Funny that it was not until recently that I started thinking about and examining how relationships are built. I find it hard to have strong lasting relationships. My personality has sharp edges. Sooner rather than later I am probably going to just piss you off. I don't intend to be edgy and difficult. I just am. Post-menopause certainly doesn't help my lack of a warm and fuzzy disposition. One thing I have come to understand is that in order to have good relationships with others, I have to work at it since it doesn't come naturally for me.
One of my sons just returned home from New Zealand after serving as an expatriate for three years. Our family chatter is currently revolving around his relationships. It is this talk about his relationships that has prodded me to take a stark look at my own relationships and especially with my children. Since my three sons were born in 1979 and 1980, I have made it my quest to try and have good relationships with them. I was great when they were little. I sucked when they were teenagers and I am trying hard with them as adults. I like them and I enjoy spending time around them. I want them to feel welcome and want to come home now and then. It is important to me that they know they have a mom who loves and accepts them as they are at this moment in time.They are all great story tellers since they have been out to see the world and have lived to come back and tell about it. They have good souls and are kind and generous. All three have their trials and tribulations and struggle with life in different ways. They are good men and I am proud to be their mother.
We kid a lot about them taking care of me when I get old and unable to care for myself. I make them promise to give me ice cream. I've thought about this since I was little. My mother was cruel, unkind and unfeeling toward me. I remember as a small child telling her that she would regret being so mean spirited when she grew old. We were not on speaking terms when she died. She had burned her mother card many years before she grew feeble. I didn't have much training on how to be a good mother so I've had to improvise along the way with my own children. I've stumbled many times and I've had to apologize and ask for forgiveness along the way. I wish I could have guided them better. I wish I had more words of wisdom to offer them. I've found that I am not all that wise. I don't have any money to offer to make their lives easier and more comfortable. I am not rich. I often have to stand by and watch as they suffer in life with little help to offer except I am there if they need me. I hope it is enough.I have found that with each conversation we have, our understanding of one another is a little richer for having taken the time to talk and to listen. I've noticed that when I offer my hand to help them in whatever way that I can, the trust between us is a little stronger. When I respect them as human beings and accept them as they are that they seem to reflect back that respect to me. I am a true believer that respect is not given but earned and it takes a whole heck of a lot of work to earn it. Respect is when you have a deep admiration for someone. How can a child have a deep admiration for a parent if that parent is always unkind to them, if that parent takes every opportunity to tear them down or is always wanting the child to be something different? If the parent doesn't respect and admire the child, how can the child respect and admire the parent? It is a path that has to go both ways.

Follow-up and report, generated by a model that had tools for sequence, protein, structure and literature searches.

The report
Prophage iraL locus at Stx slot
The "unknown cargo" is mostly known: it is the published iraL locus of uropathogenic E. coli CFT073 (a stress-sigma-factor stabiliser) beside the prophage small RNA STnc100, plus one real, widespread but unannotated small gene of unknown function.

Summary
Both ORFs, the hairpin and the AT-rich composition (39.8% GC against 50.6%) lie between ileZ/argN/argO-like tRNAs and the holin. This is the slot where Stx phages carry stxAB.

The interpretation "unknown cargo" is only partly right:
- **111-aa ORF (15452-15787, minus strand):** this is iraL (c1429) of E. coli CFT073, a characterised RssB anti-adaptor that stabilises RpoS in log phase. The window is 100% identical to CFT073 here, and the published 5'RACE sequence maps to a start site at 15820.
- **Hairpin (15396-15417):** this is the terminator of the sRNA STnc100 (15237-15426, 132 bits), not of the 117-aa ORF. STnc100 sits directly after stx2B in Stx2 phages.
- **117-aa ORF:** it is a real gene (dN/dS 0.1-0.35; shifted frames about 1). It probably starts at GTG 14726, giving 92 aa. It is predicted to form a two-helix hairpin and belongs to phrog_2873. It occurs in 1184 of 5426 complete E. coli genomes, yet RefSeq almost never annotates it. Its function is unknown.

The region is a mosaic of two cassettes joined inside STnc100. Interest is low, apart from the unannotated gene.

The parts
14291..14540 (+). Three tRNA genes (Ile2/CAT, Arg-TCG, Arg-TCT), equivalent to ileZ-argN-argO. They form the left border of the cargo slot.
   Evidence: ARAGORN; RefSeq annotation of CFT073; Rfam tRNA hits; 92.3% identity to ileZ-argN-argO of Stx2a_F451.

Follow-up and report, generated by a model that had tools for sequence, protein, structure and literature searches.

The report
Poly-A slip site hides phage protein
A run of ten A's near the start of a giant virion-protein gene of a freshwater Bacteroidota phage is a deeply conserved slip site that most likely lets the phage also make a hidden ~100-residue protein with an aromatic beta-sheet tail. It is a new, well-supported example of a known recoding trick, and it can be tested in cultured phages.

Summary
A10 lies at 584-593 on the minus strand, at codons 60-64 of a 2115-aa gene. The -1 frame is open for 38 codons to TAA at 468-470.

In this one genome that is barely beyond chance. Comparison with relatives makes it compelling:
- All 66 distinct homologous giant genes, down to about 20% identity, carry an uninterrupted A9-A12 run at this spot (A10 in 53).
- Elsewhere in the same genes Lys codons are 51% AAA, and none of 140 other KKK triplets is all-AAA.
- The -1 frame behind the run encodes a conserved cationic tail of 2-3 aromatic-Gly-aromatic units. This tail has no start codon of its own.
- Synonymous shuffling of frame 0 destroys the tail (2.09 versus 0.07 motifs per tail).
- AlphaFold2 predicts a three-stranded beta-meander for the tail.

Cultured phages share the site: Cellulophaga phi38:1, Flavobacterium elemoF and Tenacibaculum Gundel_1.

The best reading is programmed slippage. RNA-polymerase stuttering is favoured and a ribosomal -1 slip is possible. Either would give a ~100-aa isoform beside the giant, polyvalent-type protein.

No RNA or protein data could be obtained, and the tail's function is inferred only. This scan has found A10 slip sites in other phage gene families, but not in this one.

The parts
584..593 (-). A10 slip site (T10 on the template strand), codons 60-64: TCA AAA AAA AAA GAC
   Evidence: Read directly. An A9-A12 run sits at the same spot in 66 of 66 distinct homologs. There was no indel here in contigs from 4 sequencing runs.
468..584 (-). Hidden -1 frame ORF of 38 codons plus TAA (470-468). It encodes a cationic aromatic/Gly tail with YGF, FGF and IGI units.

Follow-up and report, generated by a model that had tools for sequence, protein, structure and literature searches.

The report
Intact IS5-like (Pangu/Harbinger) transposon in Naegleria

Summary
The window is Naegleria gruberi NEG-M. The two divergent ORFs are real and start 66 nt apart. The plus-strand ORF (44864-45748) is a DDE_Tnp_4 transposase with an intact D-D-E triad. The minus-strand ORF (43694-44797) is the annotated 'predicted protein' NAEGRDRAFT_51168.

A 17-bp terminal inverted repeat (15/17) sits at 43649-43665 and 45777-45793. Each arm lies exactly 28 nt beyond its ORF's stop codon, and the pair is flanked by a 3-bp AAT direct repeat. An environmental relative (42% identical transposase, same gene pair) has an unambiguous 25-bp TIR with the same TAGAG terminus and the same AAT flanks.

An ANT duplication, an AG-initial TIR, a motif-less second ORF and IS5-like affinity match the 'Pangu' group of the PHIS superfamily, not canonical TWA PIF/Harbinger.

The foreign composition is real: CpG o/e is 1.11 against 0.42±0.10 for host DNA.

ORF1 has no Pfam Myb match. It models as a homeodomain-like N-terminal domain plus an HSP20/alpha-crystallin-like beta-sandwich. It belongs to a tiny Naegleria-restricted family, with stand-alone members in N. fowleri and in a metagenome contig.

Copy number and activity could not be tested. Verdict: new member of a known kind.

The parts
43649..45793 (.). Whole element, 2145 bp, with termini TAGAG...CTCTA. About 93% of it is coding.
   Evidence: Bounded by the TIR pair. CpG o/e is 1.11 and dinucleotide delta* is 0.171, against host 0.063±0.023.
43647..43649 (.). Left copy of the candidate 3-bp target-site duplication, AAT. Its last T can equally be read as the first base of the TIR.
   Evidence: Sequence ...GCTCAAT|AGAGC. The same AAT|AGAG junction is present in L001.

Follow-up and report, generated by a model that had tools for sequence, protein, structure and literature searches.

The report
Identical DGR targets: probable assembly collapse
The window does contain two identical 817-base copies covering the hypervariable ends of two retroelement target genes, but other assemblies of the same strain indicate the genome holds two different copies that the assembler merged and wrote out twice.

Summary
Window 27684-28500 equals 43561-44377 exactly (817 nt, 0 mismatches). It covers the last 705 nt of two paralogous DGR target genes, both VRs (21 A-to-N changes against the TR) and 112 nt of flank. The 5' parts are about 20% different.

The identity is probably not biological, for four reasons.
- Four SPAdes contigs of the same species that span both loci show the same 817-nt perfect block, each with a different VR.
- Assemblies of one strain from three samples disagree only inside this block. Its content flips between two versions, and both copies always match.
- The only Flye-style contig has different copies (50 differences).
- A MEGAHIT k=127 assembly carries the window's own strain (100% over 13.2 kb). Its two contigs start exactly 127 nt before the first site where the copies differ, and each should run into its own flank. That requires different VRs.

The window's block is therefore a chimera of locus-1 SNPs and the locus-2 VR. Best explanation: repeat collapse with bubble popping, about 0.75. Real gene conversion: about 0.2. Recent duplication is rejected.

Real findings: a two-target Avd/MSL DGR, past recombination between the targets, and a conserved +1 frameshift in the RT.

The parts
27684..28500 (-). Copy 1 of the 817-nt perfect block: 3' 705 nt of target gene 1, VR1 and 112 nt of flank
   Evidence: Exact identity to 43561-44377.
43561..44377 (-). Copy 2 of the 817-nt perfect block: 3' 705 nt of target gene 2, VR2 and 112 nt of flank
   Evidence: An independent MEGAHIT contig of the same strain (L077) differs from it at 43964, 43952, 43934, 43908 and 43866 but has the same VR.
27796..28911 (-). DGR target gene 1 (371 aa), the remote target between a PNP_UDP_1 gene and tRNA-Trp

They are in their 30's and I'm in my 50's. I still look at them and wonder how they will be as they grow older and if all will be OK. I trust it will.
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